Because there are not enough nurses in many long-term care facilities, demand on nurses can quickly lead to burnout, stress, and lack of sleep, which in turn hinders their immune system, putting them at risk for getting ill and/or contracting COVID-19. Burnout can also lead to high turnover rates of long-term care facility nurses.
Fortunately, many people are advocating for changes in long-term care facilities. While it is unfortunate that it took a pandemic to expose cracks in our long-term healthcare system, hopefully changes will allow nurses to provide high-quality care to their patients without getting burnt out.
How Travel Nursing Can Help Long-Term Care Facilities During COVID-19
As we previously mentioned, long-term care facility nurses are at high risk of contracting COVID-19, and many have over the last nine months. While this leads to fewer full-time permanent nurses on duty, travel nursing has helped many facilities combat this loss and continue to care for patients.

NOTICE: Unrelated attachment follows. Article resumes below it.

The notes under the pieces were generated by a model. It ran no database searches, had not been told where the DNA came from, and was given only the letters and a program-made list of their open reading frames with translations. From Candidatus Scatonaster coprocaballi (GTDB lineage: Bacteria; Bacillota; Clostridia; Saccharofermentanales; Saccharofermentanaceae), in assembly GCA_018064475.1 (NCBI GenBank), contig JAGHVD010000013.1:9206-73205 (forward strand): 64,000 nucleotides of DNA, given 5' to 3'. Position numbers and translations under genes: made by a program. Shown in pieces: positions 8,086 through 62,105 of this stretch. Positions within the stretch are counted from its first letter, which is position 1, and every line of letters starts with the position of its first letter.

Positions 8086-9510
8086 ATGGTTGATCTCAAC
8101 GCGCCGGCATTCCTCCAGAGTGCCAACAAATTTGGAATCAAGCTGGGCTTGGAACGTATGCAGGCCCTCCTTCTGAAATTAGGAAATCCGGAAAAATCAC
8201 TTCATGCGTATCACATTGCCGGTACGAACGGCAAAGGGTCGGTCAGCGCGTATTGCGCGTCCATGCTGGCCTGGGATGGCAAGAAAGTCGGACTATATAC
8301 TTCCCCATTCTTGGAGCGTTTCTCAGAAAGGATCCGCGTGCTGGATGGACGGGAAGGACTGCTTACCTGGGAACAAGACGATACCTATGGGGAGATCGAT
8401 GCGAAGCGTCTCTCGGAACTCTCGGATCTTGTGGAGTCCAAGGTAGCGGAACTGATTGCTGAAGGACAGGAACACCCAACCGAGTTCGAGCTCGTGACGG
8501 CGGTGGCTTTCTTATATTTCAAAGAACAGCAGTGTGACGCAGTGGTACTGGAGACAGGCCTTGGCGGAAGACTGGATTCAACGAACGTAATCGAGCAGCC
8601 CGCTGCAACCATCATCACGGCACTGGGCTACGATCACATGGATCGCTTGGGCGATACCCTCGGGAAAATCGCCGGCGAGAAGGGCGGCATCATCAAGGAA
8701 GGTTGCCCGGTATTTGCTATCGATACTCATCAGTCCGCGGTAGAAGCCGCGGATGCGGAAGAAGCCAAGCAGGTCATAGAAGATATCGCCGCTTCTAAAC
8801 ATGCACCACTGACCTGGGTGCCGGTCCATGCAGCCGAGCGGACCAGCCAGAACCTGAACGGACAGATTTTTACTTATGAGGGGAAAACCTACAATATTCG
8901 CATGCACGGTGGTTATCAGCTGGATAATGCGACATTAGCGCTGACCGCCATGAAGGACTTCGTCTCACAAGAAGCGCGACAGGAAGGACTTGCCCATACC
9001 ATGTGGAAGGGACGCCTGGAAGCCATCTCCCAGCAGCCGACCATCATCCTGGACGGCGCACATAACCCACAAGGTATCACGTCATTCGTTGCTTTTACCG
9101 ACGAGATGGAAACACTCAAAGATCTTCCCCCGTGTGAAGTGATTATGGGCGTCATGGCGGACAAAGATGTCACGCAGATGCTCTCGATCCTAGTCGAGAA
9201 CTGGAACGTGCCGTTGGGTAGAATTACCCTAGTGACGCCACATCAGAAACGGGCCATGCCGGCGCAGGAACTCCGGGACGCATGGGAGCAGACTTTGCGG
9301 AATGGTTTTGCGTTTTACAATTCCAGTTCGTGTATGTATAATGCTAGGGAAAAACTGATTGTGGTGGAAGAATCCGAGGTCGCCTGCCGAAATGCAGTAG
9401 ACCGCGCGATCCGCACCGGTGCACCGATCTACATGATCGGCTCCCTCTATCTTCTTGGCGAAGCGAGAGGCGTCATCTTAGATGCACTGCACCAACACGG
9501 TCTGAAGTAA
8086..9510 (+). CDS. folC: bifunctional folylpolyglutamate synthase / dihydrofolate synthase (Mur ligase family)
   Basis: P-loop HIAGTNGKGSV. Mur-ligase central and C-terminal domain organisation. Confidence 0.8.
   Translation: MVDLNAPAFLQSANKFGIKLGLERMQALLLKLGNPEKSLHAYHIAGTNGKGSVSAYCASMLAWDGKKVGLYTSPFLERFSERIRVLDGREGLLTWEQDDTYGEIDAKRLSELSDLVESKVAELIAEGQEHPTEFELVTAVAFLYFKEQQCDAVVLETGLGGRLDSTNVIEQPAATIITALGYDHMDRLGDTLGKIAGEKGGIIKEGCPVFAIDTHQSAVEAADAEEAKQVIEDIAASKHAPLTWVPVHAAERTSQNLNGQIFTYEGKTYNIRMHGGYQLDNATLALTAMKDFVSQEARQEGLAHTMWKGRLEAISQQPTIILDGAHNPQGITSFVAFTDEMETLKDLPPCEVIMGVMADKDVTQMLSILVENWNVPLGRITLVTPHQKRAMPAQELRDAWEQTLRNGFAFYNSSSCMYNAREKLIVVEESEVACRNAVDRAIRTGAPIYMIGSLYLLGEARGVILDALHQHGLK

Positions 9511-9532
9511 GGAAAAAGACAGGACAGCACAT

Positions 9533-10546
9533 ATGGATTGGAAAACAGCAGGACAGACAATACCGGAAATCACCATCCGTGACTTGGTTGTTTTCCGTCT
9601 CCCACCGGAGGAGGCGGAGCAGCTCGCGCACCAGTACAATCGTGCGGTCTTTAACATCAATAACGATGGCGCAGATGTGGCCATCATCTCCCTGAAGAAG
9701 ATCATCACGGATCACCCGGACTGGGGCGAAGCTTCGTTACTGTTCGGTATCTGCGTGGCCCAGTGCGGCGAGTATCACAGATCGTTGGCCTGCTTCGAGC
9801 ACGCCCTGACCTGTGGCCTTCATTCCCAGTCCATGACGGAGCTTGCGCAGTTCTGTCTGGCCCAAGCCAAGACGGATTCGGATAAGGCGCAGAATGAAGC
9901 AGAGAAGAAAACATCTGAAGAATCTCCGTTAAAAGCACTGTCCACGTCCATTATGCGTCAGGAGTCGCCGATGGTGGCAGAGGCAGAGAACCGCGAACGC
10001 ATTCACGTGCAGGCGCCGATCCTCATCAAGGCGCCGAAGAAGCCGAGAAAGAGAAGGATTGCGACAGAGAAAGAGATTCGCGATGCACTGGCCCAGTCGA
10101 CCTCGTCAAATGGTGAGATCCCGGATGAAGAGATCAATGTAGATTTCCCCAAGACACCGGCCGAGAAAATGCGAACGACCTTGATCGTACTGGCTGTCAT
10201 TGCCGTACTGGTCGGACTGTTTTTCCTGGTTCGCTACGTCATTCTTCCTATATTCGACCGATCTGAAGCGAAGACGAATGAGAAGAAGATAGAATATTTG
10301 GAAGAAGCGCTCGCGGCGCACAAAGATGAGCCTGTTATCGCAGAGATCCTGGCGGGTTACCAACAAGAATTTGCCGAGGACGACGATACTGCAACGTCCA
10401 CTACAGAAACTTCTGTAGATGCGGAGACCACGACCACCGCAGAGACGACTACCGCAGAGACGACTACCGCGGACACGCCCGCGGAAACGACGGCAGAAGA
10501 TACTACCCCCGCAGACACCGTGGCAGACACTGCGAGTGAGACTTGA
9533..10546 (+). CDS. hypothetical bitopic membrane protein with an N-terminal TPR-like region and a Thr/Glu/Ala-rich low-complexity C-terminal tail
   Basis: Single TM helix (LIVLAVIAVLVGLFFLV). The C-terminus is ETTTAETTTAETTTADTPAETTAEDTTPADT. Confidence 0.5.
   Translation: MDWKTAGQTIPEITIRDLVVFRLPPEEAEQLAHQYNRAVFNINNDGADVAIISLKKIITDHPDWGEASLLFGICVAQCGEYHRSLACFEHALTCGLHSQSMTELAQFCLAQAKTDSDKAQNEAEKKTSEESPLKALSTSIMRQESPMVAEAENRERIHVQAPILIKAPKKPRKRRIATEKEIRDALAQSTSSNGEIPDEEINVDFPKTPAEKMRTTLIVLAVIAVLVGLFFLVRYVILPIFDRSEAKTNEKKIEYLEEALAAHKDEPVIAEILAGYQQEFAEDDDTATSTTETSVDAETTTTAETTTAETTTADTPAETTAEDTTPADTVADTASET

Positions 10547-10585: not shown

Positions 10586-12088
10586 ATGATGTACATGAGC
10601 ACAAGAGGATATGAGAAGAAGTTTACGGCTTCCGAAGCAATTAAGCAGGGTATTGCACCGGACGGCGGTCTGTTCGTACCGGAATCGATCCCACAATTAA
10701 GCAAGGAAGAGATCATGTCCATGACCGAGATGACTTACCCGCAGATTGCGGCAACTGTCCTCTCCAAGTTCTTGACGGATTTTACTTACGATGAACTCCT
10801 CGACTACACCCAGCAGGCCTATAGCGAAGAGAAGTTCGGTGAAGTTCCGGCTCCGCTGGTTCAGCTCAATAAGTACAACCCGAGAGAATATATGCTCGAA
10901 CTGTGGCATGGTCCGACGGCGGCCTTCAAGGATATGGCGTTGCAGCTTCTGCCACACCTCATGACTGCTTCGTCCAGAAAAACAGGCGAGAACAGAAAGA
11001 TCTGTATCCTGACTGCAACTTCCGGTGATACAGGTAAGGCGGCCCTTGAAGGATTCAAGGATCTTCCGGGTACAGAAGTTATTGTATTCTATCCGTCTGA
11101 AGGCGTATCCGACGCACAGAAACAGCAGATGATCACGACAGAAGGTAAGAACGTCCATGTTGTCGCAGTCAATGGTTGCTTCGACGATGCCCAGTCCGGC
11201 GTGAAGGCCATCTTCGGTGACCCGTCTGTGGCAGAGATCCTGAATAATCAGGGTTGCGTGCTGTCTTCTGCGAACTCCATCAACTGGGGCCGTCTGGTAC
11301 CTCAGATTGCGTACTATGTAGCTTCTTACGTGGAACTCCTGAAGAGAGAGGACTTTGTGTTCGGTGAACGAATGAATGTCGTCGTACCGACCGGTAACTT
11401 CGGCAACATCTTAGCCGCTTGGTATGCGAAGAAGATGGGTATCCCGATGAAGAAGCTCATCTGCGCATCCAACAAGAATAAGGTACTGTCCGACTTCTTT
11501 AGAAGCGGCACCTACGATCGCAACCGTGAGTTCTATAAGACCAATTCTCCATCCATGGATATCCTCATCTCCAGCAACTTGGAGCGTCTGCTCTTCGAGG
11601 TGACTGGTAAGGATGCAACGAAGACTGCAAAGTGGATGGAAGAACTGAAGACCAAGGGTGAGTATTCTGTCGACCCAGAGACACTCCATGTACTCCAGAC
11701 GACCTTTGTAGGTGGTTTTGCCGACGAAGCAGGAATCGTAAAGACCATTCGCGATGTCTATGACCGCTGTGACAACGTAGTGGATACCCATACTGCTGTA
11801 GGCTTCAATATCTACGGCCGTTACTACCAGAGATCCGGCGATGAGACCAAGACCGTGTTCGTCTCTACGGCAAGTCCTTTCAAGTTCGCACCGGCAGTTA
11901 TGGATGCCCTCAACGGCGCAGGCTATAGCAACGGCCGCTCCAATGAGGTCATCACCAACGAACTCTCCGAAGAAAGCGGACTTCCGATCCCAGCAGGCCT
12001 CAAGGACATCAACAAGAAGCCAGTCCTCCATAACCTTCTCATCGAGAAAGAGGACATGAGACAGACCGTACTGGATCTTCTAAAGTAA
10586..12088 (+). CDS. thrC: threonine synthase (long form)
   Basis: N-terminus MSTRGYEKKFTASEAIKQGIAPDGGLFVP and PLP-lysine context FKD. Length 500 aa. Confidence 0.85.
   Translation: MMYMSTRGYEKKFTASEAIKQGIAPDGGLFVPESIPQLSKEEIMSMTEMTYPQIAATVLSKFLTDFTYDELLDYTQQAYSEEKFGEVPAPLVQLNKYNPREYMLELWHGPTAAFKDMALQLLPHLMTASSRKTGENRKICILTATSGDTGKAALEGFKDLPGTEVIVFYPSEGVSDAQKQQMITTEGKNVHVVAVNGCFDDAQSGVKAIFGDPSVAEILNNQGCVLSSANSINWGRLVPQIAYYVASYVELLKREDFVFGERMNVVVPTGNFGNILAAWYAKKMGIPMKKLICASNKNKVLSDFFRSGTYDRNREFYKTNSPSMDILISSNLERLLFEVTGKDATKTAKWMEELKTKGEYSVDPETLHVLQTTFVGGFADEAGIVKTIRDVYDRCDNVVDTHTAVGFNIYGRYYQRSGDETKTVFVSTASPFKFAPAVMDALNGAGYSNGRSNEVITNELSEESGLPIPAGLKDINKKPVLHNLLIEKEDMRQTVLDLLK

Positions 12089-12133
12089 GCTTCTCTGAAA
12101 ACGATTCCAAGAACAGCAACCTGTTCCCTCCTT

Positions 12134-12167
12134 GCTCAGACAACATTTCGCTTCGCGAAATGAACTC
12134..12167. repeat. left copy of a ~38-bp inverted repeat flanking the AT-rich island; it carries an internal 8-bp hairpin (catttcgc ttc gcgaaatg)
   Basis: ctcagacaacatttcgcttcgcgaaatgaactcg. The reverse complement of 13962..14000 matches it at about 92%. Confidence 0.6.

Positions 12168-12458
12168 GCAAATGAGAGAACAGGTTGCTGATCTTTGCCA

Travel nurses can fill short- or long-term openings, whether they are needed because staffed nurses catch the coronavirus or any of the other various reasons they cannot work. Travel nurses can have various specialties, and while some focus on long-term care facilities, others are registered nurses who work in various healthcare environments. Travel nurses can sign short-term and long-term contracts with the facility, which is especially convenient during the pandemic when nurses could be out for at least two weeks if they become sick.
Travel nursing has helped fill the needs of healthcare facilities long before the COVID-19 pandemic, and many nurses are choosing to take on travel nursing assignments to help more patients and fill gaps during this health crisis.
At OneStaff Medical, we help travel nurses connect with health care facilities in need of additional help. We work with numerous long-term care facilities to fill CNA, RN, and LPN roles. To start working with one of our staffers, call us today at 877-783-1483 or apply here.